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Samuel R. Delany

Samuel R. Delany weaves a brilliantly-jeweled web of words, capturing your imagination and causing various bubbles of mental presumption to burst deliciously in your brain, leading to little explosions of free-wheeling ecstasy (no drugs involved) and - very often - conversion to extreme libertarian views. Through the array of dazzling stories to his magnum opus "Dhalgren", his body of work can truly be considered as a "helix of semi-precious stones" - to be enjoyed on a visceral, as well as intellectual level.


"Aye, and Gomorrah..."
© Dangerous Visions, 1967
Driftglass, 1971
--short story : 1968 Hugo
--short story : 1968 Nebula W

--/ cool sf story


"Babel-17" (nv)
© 1966, Ace Books
--novel : 1967 Hugo
--novel : 1967 Nebula W (tie)
--all time novel : 1975 Locus /36 (tie)
--Tiptree short list : 1996 Tiptree

--/ cool sf novel
--/ wonder award
--/ idea award: linguistic weapons

Quite colorful adventure from Delaney based on a cool idea (it was like enjoying a sweet "pulp story" candy-coating only to discover hard, unyielding filling inside - what's more, the bitter filling of disputed and - last I heard - discredited linguistics theory). The theory in question is Sapir-Whorf hypothesis (read a good article about it here ) postulating that the language we speak determines our whole psychological and mental layout, and certain thoughts just would not be able to occur to us in certain languages.

The novel is centered on a fictional language that denies its speakers independent thought, forcing them to think purely logical thoughts. Such "linguistic weapon" is used in a space war to produce perfect "servants of empire", walking computer programs. Speaking of novel's style, I enjoyed the ground-breaking presentation, but found it a bit emotionally uninvolving, and ultimately (if not for idea) forgettable.
(review by Avi Abrams)


"Cage of Brass"
© IF, Jun 1968
Driftglass, 1971
--/ third place space sf story
--/ idea award
--/ style award
--/ wonder award
--/ adventure award

"City of a Thousand Suns" (nv)
(The Fall of the Towers)
© 1965, Ace Books

© F&SF, Oct 1967
Driftglass, 1971
--/ third place sf story
--/ wonder award
--/ idea award
--/ style award
--/ adventure award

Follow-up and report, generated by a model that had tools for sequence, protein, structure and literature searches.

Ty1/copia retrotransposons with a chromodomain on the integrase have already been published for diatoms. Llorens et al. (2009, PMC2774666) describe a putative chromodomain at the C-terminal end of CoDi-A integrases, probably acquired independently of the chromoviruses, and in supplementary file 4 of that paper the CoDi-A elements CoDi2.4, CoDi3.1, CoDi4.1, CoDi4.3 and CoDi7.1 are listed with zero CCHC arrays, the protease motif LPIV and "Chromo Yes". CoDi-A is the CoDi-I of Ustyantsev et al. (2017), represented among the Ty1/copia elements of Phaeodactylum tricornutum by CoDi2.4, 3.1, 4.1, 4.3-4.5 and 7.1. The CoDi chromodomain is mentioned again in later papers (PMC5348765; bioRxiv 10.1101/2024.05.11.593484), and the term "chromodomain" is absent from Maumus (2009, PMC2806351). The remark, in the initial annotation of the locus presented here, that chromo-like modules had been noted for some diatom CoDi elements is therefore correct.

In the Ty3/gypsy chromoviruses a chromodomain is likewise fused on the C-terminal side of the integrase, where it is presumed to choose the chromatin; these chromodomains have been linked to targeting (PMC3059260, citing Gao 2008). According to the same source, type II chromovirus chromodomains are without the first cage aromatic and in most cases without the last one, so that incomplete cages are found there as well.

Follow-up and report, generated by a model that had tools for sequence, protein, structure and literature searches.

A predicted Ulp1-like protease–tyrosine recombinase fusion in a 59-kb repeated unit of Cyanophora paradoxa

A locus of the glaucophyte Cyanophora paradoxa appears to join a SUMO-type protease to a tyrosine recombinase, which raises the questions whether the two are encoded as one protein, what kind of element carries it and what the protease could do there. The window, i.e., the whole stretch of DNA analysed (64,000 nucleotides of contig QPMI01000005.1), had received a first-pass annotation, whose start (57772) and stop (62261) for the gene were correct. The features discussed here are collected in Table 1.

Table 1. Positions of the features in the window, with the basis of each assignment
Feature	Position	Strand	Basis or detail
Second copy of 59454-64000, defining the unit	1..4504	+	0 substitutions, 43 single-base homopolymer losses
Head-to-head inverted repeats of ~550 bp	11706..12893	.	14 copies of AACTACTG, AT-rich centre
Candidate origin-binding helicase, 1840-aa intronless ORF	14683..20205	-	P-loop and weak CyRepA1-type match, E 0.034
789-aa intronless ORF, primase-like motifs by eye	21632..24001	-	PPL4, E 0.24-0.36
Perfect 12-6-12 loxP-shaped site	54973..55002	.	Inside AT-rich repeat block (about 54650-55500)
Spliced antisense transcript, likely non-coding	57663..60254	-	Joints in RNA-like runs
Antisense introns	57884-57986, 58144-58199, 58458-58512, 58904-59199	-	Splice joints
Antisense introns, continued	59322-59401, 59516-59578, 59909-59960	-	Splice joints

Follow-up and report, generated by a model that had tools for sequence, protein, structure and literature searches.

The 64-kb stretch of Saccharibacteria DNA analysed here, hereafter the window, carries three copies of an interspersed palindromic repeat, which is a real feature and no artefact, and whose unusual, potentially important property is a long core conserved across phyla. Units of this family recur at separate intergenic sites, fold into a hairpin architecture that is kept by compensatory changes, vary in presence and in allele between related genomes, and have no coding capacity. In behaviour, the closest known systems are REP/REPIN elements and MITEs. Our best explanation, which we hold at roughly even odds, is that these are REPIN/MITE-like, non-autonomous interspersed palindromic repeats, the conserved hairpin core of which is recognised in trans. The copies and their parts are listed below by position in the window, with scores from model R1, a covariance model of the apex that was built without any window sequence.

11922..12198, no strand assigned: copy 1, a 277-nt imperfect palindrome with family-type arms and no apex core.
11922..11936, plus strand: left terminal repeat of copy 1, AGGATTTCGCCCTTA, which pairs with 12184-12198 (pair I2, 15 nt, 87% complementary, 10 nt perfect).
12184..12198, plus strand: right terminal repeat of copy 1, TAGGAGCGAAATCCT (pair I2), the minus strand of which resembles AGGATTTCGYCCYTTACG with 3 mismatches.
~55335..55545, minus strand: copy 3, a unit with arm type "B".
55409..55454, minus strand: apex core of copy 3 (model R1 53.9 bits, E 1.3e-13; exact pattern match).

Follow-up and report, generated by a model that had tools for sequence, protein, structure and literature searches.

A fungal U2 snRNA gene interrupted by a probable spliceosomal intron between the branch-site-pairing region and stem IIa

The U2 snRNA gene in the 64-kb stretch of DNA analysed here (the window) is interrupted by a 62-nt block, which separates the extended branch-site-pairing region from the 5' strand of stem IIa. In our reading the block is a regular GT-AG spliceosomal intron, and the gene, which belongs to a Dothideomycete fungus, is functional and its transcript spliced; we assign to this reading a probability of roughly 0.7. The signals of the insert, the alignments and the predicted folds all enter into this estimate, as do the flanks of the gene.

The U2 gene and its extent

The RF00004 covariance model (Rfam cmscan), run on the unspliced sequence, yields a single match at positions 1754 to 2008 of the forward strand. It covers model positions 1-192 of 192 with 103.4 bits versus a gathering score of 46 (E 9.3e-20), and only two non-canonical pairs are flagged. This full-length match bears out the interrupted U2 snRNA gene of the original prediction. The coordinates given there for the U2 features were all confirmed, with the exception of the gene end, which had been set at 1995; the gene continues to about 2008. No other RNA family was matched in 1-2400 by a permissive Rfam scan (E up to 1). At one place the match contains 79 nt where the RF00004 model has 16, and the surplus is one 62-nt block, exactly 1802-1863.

"The Desert Of Time"
© OMNI, May 1992
--/ fourth place sf story
--/ wonder award
--/ style award

"Dog in a Fisherman's Net"
© Quark # 3, 1971
Driftglass, 1971
--/ cool sf story
--/ wonder award

© IF, Jun 1967
Driftglass, 1971
--short story : 1968 Nebula
--/ third place sf story
--/ wonder award
--/ idea award
--/ style award
--/ adventure award

"Driftglass" (coll)
© Ace Books, 1972
--reprint anth/collection : 1972 Locus /3
--all-time collection : 1999 Locus All-Time Poll /9
--collection : 1994 Locus /20

--/ second place sf collection
--/ wonder award
--/ idea award
--/ style award
--/ adventure award


"The Einstein Intersection" (nv)
© 1967, Ace Books
--novel : 1968 Hugo
--novel : 1968 Nebula W
--overseas novel : 1997 Seiun

--/ fourth place sf novel
--/ wonder award
--/ style award

As with all truly great science fiction novels, The Einstein Intersection is less about science and more about fiction – in this case, fiction told by one of the greats not just of science fiction but modern literature as well.

Surreal doesn't begin to describe the setting and characters of The Einstein Intersection. Ostensibly about aliens exploring and trying to understand human culture after mankind has either left the planet or died off, the book is much more about some of the more powerful human archetypes. From Lo Lobey himself, a goat herder based on the myth of Orpheus, to the subject of his quest, Billy The Kid (AKA death), the book is a literary stage, allowing Delany to explore the world of our myths, fables, legends and fantasies.